The Medicinal benefits of: Mugwort, Eucalyptus, Epazote and Lemon Balm, by Diego Merino
Estifate, Ajenjo, Artemesia Mexicana, Artemisa absinthium, or better known as mugwort, is a perennial, upright, shrubby and vivacious weed that is constantly looking for sunlight to inhibit growth. (1,3) As a weed, mugwort can grow anywhere, even when light and water is scarce1. It can grow in the sandy soil of a meadow, next to roads and at high and low altitude. The main chemical components of mugwort are: Tuyon, Tuyol and Artabsina. (1,3) Other chemical components of the plant include: Valeric acid, and flavonoids, which also give the plant its medicinal values. (1,3) Flavonoids are part of the phytonutrient group, which help fight off diseases in the body while producing a lot of anti-inflammatory properties and being very rich in antioxidants10,11. Valeric acid is what gives mugwort its unpleasant smell10.
In the peninsula of Mexico, the Mayans would use this plant for ritual and medicinal purposes, but this paragraph will focus be on the medicinal values of mugwort (1).
Some of the medicinal uses of mugwort include: appetite stimulant, it helps against scorpion or snake bites, can help women regulate their menstrual cycle and can be used as an abortive, it can act as an antibacterial, and can help fight stomatitis, gingivitis and cankers, and can help with various stomach ailments such as diarrhea and can help reduce stomach pain (1).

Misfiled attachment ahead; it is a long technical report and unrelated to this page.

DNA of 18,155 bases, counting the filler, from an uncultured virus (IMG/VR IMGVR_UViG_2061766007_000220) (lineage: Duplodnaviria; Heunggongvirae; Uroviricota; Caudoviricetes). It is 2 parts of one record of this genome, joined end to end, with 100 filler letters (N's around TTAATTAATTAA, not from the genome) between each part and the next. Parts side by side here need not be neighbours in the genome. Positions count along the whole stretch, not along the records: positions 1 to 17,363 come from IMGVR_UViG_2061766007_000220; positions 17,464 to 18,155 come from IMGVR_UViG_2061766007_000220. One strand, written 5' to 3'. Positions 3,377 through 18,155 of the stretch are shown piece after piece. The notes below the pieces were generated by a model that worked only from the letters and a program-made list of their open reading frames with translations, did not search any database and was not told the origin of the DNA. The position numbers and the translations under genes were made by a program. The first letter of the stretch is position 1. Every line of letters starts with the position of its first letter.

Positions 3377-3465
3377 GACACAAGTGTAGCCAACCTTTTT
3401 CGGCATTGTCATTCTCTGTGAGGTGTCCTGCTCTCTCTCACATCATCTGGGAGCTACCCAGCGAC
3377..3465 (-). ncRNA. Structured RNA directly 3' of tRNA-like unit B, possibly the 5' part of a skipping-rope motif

Appetite stimulant: either break up and combine with food, or cook the plant in water, drinking a small glass of mugwort water before each meal. Using this method has been known to have to “tonic” or synergistic properties due to its bitter taste (1).
For a snake or scorpion bite: make incisions around the bite/sting. After making the incisions, put the mugwort leaves directly on top of the incision (1).
To regulate menstrual cycle or help with stomach pain/diarrhea: Brew the leaves into a tea and drink two small cups throughout the day (1).
To get its antibacterial effects: Brew the leaves, and drink three small cups throughout the day, but do not drink it with your meal. If the infection is on the outer part of the body, after brewing the leaves, apply the liquid brewed on the infected parts (1).
To alleviate stomatitis, gingivitis and cankers: Brew the leaves and gargle the liquid vigorously and thoroughly throughout the mouth (1).
Eucalyptus or Eucalyptus globus labill, is one of the hundreds of species of eucalyptus that exist, but Eucalyptus globus labill, is the most common one and is the one that is most popular in Europe and North America. Of Australian and Tasmanian descent, the eucalyptus tree is known to be an invasive specie in California(CA) (so take advantage of the many eucalyptus trees around Santa Cruz, to make some chronic all natural medicine!). The reason it has become an invasive specie in CA is due to the mediterranean weather that exist on the CA coast. Eucalyptus trees also thrive in marshy environments, where there is a lot of water, since the tree’s roots are very extensive and require lots of water. All the medicinal properties are in the leaves of the tree2. Although eucalyptus has been been used for thousands of years by the aboriginals of Tasmania and Australia, Eucalyptus oil as medicine, first appeared in the 1885 edition of British Pharmacopeia (2).
Traditional use of the Eucalyptus: